Austen’s gentle way of mocking Elizabeth’s and Darcy’s biases gives the impression that such mistakes could, and indeed do, happen to anyone; that faulting someone else for prejudice is easy while recognizing it in yourself is hard. Prejudice in the novel is presented as a stage in a person’s moral development, something that can be overcome through reason and compassion. Austen only condemns those people who refuse to set aside their prejudices, like the class-obsessed Lady Catherine and the scheming social climber Caroline.
Austen’s work offers a powerful illustration of the damaging effects to people and to society that prejudice can inflict. Marriage Pride and Prejudice is a love story, but its author is also concerned with pointing out the inequality that governs the relationships between men and women and how it affects women’s choices and options regarding marriage. Austen portrays a world in which choices for individuals are very limited, based almost exclusively on a family’s social rank and connections. To be born a woman into such a world means having even less choice about whom to marry or how to determine the shape of one’s life.
The way that society controls and weakens women helps to explain in part Mrs. Bennet’s hysteria about marrying off her daughters, and why such marriages must always involve practical, financial considerations. As members of the upper class, the Bennet sisters would have been expected to become Governesses if they did not marry. However, their father did not make sure they had a thorough education, so they are not qualified to be governesses. Yet as women they are not allowed to inherit anything. As a result, marriage is basically their only option for attaining wealth and social standing.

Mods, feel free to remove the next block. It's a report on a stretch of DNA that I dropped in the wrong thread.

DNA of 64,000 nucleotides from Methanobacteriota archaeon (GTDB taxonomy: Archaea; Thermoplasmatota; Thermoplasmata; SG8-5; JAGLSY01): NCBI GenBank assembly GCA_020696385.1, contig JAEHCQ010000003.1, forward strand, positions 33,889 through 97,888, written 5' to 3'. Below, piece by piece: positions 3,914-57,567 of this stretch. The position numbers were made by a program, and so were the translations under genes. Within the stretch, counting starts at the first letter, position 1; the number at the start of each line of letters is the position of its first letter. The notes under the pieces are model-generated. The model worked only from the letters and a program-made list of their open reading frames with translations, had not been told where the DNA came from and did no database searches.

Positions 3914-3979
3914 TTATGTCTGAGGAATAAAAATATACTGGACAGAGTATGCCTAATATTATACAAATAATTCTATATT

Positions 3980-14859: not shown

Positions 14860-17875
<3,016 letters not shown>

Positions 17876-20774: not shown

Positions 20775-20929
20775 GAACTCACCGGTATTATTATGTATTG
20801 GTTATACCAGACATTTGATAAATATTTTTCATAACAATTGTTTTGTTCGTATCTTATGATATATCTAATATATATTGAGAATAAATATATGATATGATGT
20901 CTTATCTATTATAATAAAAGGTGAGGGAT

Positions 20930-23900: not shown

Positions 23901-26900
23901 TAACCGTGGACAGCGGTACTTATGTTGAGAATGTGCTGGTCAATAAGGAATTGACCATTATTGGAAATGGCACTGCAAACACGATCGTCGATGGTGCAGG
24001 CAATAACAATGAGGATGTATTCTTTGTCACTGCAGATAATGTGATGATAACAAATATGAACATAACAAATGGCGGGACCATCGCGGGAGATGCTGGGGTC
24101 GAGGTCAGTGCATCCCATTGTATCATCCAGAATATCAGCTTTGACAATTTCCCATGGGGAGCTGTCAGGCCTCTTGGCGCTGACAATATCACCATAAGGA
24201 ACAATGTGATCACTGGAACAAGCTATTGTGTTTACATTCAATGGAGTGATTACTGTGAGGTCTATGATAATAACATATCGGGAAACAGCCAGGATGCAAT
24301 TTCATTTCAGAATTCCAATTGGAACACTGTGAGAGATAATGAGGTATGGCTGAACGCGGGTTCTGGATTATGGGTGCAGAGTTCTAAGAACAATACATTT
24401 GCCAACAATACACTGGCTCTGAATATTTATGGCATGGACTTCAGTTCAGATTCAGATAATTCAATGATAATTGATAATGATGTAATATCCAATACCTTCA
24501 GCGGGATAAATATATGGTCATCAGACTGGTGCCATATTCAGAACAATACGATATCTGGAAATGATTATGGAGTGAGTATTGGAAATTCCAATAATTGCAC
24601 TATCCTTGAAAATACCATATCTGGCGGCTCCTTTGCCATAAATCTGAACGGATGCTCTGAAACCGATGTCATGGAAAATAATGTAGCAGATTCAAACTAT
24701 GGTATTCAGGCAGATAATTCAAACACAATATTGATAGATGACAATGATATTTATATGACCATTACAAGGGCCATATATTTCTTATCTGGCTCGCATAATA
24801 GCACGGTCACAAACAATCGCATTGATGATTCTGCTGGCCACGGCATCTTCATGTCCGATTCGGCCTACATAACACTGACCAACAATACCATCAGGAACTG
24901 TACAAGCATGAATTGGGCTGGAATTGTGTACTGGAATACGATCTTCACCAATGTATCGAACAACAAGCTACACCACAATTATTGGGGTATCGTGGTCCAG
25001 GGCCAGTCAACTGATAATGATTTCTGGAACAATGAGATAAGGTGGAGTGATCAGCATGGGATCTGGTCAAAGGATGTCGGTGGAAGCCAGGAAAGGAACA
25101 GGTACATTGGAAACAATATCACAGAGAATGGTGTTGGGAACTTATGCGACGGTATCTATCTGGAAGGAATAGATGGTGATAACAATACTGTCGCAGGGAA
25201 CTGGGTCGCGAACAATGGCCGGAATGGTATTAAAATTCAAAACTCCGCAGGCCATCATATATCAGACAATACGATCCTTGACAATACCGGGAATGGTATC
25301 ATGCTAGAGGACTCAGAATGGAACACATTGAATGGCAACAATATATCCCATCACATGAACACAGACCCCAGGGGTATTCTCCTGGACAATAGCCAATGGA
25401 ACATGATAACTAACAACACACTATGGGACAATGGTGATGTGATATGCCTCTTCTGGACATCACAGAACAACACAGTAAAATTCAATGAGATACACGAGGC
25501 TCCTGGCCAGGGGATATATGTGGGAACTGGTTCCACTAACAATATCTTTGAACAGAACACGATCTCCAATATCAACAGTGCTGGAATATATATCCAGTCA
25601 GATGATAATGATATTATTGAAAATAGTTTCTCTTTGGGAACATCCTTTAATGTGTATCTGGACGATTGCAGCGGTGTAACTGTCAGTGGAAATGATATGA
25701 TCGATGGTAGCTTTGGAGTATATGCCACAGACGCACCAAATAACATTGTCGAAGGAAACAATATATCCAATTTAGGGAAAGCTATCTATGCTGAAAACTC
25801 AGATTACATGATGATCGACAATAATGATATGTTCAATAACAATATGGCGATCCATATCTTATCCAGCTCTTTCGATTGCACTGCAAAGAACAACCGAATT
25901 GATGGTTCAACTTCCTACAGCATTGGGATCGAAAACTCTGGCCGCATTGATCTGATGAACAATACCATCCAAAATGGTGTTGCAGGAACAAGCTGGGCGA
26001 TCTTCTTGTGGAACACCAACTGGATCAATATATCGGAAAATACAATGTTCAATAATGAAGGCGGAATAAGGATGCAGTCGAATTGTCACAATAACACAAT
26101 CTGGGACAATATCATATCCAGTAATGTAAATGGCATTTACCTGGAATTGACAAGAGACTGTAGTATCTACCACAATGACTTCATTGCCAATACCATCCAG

Yet Austen is also critical of women who marry solely for security, like Charlotte. The ideal for her is represented by Elizabeth, who refuses to trade her independence for financial comfort and in the end marries for love. Love The biggest and most obvious theme of this story is love. The book is a big ole’ love story that is not just about how beautiful love is, but other aspects of love as well. Jane Austin also shows how love complicates the lives of the characters throughout the plot. Caroline Bingley’s love for Mr. Darcy makes her bitter. And Jane’s love for everyone makes her fall victim to the schemes of others.
And how Elizabeth’s love for her family, make her blind to the reality of how people perceive them. Jane Austin shows that there is a difference between love and lust. She shows this through Lydia and Wickham’s marriage as well as how Mr. and Mrs. Bennett married foolishly and did not truly love each other and therefore had a bad marriage. In every true love story the lovers must separate and overcome numerous stumbling blocks, beginning with the tensions caused by the lovers’ own personal qualities. In Mr. Darcy and Elizabeth’s relationship they had many hurdles.